When I listen to different views about gender pay discrimination, I often flash back to an informative experience in the early days of my career. A man was brought in to do the job I had just been promoted from – at three times my pay. “That’s not fair,” I thought at the time. My immediate reaction turned out to be wrong, and I learned a valuable lesson about seeing the bigger picture when it comes to pay gaps. It also taught me that addressing pay inequities is more of an art than a science, and “one size fits all” government mandates aren’t the solution.
It turned out the pay differential I experienced was actually based on the skills and work involved, not gender. While I’d operated the same equipment in my previous position, my replacement was operating, programming, and physically repairing the equipment. I totally got that and went on to move up in that company based on my own professional strengths, far surpassing that gentleman.
The experience helped me to understand that there is a bigger picture when it comes to salary determinations, and it is often a mistake to assume that gender is driving these decisions. Many other factors contribute to pay differentials. One that rings most true for me is the trade-off for flexibility, as I spent 12 years out of the workforce while raising my children. I understood this decision would have significant ramifications for my career (changing my promotional trajectory), and I worked hard to make up for the gap through my performance after re-entering the workforce.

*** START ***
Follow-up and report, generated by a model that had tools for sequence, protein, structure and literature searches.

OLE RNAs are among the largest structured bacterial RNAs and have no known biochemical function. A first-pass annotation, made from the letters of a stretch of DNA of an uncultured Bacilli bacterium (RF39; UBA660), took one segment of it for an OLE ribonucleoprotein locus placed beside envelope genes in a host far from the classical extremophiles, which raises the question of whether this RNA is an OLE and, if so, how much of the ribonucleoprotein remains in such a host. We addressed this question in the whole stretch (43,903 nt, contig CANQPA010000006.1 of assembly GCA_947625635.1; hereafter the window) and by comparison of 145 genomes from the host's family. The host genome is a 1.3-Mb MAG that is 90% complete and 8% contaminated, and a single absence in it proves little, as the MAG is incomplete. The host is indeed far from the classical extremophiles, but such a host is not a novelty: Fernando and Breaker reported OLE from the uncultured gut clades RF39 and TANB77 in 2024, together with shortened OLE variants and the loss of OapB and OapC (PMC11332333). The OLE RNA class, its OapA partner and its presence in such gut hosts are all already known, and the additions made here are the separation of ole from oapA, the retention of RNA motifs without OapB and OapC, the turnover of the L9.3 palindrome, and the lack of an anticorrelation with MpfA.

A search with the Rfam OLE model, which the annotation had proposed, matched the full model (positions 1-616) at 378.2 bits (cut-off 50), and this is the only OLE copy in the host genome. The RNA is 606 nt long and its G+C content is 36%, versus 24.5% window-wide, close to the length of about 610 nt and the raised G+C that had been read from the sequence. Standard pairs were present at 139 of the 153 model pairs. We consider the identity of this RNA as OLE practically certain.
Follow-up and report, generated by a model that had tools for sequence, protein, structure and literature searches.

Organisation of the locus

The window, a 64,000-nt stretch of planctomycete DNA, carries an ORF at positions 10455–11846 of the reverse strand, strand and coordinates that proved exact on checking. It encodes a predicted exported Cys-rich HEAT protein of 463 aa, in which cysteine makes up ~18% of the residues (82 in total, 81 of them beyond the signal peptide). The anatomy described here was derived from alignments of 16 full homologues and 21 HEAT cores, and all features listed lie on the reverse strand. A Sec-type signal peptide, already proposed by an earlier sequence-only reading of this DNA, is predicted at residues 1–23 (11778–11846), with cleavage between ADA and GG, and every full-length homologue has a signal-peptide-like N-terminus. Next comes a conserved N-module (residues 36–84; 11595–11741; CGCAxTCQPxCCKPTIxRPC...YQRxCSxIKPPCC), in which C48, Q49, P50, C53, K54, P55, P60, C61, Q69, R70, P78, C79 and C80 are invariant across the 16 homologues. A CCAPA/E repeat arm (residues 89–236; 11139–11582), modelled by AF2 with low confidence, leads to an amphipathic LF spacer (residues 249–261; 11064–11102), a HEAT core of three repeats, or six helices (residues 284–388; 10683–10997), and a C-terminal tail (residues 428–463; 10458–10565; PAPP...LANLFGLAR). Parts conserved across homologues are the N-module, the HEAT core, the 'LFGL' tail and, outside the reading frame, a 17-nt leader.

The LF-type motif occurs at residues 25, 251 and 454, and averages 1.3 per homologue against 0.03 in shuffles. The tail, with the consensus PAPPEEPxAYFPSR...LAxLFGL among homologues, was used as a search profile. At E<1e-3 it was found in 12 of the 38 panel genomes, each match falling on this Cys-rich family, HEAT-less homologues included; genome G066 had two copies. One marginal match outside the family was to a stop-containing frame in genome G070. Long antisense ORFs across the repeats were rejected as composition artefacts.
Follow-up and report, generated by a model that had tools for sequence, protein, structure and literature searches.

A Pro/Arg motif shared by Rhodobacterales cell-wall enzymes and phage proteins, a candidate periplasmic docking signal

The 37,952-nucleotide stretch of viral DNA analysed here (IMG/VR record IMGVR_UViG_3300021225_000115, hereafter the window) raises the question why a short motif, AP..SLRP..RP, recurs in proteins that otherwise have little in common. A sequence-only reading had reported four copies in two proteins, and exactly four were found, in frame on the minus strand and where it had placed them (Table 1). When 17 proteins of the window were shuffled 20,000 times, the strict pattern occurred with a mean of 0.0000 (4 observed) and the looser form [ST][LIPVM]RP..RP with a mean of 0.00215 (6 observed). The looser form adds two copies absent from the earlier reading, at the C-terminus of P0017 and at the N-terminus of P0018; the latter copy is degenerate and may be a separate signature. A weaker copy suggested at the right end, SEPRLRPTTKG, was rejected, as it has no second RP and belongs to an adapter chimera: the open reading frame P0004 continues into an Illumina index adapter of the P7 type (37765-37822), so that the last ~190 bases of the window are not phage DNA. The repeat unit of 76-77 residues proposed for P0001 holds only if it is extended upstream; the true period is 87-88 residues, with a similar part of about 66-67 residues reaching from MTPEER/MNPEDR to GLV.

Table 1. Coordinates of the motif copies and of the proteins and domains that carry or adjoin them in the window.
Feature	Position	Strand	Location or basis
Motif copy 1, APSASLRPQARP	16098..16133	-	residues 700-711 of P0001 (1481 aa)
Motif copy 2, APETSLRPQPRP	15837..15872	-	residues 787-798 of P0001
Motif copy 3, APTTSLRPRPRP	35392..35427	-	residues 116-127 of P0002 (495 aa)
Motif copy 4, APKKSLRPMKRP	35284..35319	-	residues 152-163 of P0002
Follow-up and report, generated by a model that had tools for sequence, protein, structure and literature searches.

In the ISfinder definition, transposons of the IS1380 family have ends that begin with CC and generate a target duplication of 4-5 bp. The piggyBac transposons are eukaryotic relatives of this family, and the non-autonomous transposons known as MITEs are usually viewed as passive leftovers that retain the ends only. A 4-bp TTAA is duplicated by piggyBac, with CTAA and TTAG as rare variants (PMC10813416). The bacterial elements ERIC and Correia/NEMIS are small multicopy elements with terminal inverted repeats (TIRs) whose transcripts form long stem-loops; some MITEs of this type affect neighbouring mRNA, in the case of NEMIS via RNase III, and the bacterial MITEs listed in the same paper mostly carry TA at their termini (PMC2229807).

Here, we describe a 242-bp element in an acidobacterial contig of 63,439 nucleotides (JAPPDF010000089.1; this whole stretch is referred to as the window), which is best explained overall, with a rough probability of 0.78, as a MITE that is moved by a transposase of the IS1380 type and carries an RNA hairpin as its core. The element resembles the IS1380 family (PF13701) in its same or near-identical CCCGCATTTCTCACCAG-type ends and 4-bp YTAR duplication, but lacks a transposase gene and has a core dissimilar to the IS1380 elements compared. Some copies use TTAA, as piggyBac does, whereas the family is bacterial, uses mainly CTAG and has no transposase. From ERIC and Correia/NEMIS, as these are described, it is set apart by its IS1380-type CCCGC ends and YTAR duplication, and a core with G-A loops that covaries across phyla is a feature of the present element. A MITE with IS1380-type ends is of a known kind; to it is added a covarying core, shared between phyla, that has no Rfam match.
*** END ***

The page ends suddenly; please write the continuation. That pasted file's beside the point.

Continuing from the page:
Both of these experiences have helped me to see a bigger picture, which has served me well throughout my career.
This is not to say that pay gaps based on gender do not exist. I understand that these pay gaps exist in some fields and industries, and it is imperative that improper pay disparities be addressed and corrected. But I am not convinced that gender-based gaps are as large or widespread as many contend, and it’s certainly not a problem that government can or should address with formulas and mandates.
Federal, state and local governments should recognize that employers know their workforces best and should be able to manage them without unnecessary intrusion. When government lets employers use compensation and benefits to compete for talent, good companies get the best employees and, in turn, make the most profit. The need to compete for top talent is by far the strongest incentive for more employers to do the right thing when it comes to pay equity.
Managing pay is a skill that takes a lot more finesse, thoughtfulness, awareness and judgment than just following a federal guideline. Employees don’t have any trouble understanding the reasoning behind pay differences when they are connected to valid business considerations.
When employers and employees can see the bigger picture, we create better workplaces and a better world, and that’s what we all want.